A Chembio scientist works on the company's test for HIV-syphilis...

A Chembio scientist works on the company's test for HIV-syphilis on Oct. 24, 2014. Credit: Joseph D. Sullivan

Chembio Diagnostics Inc. hopes to raise about $11 million by selling more stock to the public to support expansion projects, including improvements to its Medford factory and headquarters.

The manufacturer of rapid tests used to diagnose HIV, syphilis, Ebola, Zika and other infectious diseases said Friday it intends to sell an additional 1.8 million shares.

Chembio had 12.3 million shares outstanding on Thursday when it announced plans for the stock sale but did not disclose details.

The shares for sale have been priced at $6.75. The sale will close “on or about February 13,” the company said.

On Thursday, Chembio shares closed down 30 cents, or nearly 4 percent, to $7.75 on the Nasdaq market.

The company said it would use proceeds from the stock sale for development of rapid tests, robots for the Medford factory, clinical trials, sales, marketing and other work.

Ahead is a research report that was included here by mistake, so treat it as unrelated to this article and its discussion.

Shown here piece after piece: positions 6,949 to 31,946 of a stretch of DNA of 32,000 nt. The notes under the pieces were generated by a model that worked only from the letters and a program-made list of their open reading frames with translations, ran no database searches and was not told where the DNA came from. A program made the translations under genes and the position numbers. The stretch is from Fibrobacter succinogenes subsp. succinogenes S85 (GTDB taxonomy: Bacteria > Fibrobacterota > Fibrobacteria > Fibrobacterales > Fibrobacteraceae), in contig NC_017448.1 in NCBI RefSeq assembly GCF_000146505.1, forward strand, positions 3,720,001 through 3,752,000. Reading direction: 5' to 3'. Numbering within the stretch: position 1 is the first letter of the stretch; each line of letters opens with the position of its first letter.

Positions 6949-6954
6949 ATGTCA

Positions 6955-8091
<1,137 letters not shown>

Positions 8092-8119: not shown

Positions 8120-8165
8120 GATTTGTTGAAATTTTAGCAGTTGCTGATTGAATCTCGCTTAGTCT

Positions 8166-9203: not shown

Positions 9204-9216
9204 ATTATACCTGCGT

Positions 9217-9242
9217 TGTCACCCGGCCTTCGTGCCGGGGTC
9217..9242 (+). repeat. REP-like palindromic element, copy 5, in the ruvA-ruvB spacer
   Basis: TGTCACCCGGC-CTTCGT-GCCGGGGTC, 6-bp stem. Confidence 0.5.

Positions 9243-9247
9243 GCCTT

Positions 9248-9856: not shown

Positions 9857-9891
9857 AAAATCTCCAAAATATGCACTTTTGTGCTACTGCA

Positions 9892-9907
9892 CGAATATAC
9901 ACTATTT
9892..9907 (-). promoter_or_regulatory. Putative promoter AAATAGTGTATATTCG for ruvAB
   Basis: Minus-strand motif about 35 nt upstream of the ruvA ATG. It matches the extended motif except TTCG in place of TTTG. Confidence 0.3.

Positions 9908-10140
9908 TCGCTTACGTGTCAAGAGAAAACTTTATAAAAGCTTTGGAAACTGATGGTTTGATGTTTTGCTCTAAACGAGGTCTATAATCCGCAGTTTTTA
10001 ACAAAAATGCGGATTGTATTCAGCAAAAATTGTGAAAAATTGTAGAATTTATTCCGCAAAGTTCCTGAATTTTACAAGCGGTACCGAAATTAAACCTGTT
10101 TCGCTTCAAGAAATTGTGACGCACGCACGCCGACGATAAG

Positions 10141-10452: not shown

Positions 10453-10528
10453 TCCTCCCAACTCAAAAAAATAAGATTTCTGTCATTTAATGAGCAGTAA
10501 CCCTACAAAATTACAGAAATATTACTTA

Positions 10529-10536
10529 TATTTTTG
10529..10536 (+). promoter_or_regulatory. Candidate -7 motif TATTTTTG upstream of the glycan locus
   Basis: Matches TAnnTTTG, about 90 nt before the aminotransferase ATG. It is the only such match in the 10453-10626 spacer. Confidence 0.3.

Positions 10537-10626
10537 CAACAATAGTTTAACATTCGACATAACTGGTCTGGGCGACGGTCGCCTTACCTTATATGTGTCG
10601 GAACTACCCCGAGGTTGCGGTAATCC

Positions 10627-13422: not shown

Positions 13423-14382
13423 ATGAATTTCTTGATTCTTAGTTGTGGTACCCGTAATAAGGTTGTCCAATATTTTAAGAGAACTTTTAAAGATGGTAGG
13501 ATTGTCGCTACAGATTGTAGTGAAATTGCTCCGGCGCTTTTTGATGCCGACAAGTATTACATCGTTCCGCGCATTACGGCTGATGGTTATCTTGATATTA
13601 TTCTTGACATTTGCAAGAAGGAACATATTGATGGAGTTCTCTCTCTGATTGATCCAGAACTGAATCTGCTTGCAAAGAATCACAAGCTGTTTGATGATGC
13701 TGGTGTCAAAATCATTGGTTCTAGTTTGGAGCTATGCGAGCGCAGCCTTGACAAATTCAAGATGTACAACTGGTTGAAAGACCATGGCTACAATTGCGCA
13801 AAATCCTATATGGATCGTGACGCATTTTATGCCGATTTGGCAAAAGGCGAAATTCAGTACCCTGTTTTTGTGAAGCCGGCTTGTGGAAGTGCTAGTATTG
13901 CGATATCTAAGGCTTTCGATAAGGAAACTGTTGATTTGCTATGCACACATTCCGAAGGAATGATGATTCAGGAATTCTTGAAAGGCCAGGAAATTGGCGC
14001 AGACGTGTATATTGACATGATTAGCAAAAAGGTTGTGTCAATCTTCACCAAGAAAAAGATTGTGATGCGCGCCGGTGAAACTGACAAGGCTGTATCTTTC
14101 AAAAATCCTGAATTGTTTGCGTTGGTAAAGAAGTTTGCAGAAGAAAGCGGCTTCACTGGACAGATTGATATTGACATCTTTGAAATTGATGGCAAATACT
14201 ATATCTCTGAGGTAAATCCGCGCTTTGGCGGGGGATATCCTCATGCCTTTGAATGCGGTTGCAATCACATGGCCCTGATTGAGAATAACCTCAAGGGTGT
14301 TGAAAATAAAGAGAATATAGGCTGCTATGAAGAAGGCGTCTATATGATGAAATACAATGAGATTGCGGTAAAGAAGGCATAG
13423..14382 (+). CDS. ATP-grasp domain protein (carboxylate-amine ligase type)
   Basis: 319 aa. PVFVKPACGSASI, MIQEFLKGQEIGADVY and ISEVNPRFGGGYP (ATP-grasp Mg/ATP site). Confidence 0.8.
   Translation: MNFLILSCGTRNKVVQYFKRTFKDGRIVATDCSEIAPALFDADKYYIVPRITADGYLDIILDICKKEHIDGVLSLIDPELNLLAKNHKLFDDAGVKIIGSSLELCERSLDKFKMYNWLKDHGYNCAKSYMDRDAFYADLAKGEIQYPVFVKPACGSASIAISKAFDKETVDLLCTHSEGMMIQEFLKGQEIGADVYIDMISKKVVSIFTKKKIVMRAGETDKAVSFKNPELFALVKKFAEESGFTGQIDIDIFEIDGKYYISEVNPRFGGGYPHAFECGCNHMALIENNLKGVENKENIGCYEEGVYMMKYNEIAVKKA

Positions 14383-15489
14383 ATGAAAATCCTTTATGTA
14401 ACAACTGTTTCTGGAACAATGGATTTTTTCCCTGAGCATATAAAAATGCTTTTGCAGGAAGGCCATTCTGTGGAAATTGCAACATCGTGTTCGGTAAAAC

Chembio lost $4.4 million in the first nine months of 2017 compared with a loss of $10.8 million in the same period of 2016. The 2016 loss included a $5.8 million charge for a deferred tax asset that the company can no longer use.

Revenue in the January-September period totaled $18 million, up 32 percent, year over year.

Chembio will announce its full 2017 financial results in coming weeks.

Separately, Chembio announced Thursday that it has received its largest single order: $16 million from the Ethiopian government for the company’s HIV tests.

Executives said the company had won a “three-year tender” from the Ethiopia Pharmaceuticals Fund and Supply Agency, which will begin receiving shipments of the tests in the April-June period.

“We are excited about the business award in Ethiopia which represents the largest single tender in the company’s history,” said CEO John J. Sperzel.

Details of the stock offering came before the stock market opened. Chembio shares closed down 7.1 percent, to $7.20.

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